Personal trauma inspired these cops
Vadodara: Chandrika Patel (name changed) was married off when she was just in class VII. The marriage was traumatic as she was constantly subjected to abuses from her in-laws and her husband constantly made her feel inferior.
Instead of giving up, Chandrika took up studies secretly and went on to complete HSC. Later, when she learnt that she was eligible for applying in police training school, she applied. Now, she is all set become the guardian of law as a police constable.
Chandrika is one among at least 10 such women of the total 850 who will begin their policing career from March 14 after completing their training at the PTS in Lalbaug. Many of Chandrika’s colleagues have suffered the same fate as hers — exploitation, domestic violence and child marriage — which inspired them to join police force so that other women do not have undergo the same trauma. These 850 women will join as police constables.
Another trainee Priyanka Rathwa (name changed) was married off when she was only 15 because of her family’s poor financial condition. In few years, she also had a child. Rathwa had to undergo several struggles at a tender age but she did not think again when applications for trainees in the PTS were invited. While Rathwa and Patel had to go through child marriage, Sonia Vasava (name changed) and her mother were subjected to violence from her father at a very young age. After her parents separated, Vasava witnessed how her mother was sexually exploited by the landlord where her mother worked as a farm labourer.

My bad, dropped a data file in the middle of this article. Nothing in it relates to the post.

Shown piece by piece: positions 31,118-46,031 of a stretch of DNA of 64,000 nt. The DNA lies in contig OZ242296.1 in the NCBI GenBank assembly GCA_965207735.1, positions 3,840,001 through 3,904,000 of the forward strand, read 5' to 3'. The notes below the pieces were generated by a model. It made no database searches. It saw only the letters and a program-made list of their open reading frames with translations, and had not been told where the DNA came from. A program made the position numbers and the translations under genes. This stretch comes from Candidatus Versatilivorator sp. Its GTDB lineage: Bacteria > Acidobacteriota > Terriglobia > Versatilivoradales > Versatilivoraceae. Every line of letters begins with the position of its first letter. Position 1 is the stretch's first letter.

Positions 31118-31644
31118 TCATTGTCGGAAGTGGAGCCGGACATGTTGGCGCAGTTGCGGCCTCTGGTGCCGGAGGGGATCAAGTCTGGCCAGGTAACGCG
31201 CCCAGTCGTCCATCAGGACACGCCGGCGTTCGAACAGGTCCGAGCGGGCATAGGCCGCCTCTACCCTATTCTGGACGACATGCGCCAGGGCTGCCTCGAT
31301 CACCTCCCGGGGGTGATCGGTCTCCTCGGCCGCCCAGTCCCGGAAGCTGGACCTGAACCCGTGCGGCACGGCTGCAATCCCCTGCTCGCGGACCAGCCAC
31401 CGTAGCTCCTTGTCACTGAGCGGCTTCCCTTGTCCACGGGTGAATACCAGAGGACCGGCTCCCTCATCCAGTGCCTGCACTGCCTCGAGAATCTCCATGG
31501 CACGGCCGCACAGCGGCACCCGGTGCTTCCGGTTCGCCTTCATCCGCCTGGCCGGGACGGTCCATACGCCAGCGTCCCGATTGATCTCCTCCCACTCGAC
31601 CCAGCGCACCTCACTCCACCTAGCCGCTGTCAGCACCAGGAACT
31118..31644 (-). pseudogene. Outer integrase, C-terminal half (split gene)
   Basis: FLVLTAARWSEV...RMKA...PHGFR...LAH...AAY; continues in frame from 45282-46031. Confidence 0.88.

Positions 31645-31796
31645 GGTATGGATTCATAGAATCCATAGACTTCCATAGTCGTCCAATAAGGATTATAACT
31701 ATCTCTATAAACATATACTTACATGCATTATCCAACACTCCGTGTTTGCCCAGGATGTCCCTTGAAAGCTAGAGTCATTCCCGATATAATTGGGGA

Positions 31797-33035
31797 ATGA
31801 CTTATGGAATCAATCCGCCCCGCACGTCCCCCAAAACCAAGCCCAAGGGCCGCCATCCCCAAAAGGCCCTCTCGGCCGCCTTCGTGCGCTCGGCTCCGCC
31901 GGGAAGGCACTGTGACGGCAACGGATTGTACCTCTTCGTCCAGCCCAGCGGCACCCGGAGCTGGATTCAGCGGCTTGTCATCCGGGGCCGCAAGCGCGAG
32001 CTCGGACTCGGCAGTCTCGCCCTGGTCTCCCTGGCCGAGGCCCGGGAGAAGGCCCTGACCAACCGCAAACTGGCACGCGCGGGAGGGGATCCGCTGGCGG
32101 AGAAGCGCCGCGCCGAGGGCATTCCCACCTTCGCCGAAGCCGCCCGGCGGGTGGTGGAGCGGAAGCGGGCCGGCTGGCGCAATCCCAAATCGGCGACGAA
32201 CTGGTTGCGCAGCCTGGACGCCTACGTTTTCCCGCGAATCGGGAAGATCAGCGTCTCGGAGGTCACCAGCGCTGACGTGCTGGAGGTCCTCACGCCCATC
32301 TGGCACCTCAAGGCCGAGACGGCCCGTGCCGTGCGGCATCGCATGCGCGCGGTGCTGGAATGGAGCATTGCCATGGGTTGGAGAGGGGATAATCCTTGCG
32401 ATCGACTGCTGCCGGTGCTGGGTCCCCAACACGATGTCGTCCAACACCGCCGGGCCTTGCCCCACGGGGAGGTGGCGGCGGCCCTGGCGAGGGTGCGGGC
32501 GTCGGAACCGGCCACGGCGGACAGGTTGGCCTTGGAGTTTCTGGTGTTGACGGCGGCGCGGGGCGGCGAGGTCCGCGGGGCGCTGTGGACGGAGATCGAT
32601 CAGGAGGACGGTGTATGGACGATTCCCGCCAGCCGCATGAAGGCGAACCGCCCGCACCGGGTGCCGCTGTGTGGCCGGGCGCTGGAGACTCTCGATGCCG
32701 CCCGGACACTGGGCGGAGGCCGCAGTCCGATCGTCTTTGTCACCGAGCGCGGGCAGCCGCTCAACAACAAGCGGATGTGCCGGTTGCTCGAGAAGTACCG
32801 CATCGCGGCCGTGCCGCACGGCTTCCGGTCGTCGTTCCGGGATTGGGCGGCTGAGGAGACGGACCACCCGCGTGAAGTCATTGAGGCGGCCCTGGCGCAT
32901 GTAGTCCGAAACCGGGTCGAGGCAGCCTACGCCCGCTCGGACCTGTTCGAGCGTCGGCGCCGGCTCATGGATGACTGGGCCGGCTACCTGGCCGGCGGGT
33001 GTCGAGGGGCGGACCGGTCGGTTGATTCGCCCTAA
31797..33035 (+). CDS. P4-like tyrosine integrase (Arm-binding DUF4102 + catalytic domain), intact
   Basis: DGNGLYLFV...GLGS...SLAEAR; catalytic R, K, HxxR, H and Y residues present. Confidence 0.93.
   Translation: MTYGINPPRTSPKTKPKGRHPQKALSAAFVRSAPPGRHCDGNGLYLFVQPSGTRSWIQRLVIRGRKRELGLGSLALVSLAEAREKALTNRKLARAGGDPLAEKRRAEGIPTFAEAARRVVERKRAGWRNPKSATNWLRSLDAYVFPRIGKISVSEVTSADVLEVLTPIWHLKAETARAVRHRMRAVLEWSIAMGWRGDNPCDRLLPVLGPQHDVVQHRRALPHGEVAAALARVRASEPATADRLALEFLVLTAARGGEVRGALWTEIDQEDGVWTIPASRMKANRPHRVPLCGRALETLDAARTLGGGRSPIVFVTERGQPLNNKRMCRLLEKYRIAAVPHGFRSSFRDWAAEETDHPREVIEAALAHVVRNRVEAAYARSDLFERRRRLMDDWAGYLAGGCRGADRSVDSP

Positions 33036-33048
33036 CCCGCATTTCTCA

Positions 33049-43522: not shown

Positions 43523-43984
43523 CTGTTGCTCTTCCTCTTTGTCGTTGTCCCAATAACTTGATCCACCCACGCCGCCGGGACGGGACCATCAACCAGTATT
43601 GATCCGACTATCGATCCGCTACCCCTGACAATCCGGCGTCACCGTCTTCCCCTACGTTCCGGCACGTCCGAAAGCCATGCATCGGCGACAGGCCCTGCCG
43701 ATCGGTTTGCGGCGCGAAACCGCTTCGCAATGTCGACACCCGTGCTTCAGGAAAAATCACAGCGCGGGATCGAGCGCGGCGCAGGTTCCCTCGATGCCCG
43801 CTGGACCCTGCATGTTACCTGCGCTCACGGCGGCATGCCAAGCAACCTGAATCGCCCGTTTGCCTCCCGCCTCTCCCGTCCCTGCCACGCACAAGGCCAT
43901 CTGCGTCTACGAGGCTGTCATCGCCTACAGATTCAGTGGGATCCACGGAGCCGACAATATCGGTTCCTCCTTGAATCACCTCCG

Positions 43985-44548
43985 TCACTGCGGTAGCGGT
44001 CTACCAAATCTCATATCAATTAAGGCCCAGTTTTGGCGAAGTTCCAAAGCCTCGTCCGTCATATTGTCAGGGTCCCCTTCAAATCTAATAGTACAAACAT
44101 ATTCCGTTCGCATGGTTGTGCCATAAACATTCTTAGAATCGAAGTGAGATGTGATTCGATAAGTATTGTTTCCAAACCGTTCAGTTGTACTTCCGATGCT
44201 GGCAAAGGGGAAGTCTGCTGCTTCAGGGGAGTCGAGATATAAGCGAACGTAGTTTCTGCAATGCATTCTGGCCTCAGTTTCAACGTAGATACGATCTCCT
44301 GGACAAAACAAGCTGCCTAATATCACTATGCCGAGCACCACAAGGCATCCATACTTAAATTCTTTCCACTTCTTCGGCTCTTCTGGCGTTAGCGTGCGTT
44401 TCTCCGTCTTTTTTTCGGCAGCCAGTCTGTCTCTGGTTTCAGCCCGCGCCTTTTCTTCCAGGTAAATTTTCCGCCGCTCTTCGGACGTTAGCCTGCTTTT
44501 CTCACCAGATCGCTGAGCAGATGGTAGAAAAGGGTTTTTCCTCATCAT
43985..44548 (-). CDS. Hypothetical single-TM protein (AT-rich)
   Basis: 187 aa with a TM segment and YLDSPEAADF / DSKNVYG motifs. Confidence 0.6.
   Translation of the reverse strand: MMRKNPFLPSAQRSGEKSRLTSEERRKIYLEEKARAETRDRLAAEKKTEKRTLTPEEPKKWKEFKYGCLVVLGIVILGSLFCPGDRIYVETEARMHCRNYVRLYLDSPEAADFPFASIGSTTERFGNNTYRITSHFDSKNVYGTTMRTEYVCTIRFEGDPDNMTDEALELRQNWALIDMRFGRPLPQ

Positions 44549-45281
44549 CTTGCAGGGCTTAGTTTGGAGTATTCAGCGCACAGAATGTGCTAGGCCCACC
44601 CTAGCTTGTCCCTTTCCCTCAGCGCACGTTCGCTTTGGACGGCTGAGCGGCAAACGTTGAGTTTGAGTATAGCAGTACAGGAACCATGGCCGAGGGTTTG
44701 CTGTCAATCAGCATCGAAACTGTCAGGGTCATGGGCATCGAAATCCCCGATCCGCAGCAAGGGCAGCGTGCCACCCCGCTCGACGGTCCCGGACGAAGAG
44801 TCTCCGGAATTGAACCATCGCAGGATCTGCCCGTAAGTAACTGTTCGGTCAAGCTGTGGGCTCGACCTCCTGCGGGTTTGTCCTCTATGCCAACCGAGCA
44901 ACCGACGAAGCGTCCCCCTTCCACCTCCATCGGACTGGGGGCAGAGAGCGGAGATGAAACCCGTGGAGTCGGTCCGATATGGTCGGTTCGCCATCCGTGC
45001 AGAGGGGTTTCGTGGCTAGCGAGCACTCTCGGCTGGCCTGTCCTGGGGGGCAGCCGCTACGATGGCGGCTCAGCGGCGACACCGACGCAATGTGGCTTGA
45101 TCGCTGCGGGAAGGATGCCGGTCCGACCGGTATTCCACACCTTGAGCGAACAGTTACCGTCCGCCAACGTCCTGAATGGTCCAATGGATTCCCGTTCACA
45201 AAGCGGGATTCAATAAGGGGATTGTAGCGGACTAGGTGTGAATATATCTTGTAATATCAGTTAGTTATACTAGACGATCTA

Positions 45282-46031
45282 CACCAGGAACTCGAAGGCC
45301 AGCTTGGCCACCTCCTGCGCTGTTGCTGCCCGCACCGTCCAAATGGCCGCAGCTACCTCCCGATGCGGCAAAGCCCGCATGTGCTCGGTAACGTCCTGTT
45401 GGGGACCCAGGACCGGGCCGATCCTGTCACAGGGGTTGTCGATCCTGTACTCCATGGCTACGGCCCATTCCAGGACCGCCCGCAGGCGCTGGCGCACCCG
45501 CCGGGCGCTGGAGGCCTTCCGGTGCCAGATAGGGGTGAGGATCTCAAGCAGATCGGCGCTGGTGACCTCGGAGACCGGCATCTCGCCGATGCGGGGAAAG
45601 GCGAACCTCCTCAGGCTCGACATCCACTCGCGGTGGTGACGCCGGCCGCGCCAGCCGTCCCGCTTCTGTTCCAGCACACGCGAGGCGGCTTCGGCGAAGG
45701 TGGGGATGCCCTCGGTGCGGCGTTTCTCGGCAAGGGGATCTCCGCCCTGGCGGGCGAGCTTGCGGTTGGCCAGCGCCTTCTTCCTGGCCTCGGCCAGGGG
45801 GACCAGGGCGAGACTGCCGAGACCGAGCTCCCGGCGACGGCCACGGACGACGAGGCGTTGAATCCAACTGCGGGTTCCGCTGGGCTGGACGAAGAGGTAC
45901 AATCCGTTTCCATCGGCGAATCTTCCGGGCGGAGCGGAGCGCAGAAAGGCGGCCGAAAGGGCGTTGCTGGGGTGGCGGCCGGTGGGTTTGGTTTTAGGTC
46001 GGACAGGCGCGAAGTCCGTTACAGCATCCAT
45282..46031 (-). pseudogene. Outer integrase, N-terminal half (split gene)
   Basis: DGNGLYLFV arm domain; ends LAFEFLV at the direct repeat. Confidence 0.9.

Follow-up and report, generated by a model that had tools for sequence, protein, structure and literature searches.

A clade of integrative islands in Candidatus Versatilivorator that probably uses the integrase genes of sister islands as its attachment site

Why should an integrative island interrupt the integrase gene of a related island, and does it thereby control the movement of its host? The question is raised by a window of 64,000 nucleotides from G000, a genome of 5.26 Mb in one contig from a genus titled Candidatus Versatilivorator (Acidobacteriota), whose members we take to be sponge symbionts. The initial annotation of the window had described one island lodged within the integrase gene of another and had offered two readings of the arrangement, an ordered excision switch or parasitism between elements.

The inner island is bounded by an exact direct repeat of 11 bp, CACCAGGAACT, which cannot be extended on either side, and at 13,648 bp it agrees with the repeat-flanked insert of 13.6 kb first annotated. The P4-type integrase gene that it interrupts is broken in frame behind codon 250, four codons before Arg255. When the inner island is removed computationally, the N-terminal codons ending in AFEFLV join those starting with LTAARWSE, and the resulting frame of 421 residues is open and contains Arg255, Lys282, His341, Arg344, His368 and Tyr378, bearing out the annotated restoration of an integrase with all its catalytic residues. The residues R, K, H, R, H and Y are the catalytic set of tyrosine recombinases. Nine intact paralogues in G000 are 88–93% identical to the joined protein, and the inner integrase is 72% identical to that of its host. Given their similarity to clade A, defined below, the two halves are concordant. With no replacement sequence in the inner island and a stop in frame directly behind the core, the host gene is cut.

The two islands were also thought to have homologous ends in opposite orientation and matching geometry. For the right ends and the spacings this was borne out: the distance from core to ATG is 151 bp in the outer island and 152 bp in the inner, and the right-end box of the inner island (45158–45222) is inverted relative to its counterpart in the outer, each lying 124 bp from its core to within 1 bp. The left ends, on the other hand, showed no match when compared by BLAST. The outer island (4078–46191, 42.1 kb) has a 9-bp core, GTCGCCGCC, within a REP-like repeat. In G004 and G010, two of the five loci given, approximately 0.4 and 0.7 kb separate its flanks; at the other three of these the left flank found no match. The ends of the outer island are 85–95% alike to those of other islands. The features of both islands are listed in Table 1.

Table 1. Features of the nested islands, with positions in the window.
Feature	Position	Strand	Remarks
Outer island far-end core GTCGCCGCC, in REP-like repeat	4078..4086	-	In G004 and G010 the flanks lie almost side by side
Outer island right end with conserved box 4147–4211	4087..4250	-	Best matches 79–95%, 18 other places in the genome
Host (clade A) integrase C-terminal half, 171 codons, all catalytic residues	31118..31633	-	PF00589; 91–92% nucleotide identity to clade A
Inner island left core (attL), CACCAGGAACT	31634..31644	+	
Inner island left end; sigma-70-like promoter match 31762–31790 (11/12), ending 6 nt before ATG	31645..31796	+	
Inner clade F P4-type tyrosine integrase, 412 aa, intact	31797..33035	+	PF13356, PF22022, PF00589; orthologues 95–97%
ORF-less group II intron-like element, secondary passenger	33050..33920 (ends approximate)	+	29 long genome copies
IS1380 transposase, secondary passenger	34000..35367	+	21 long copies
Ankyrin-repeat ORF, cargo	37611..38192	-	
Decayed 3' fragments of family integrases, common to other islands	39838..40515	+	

“By joining police force, we not only wanted to prove ourselves but also want that women from a rural background like us do not have to suffer. And even if they suffer, we want to ensure that they get justice since we too have experienced the negative side of the society and we know how difficult it is,” said one of the trainees while talking at women’s day function at PTS.
“When these 10 trainees talked about their hardships and their goals, it will inspire their colleagues and they will also have a different perception when a victim will approach them in the police station,” said Dr Nisha Sengar, assistant professor from Mahatma Gandhi Labour Institute in Ahmedabad, who taught a module on gender sensitization to these trainees.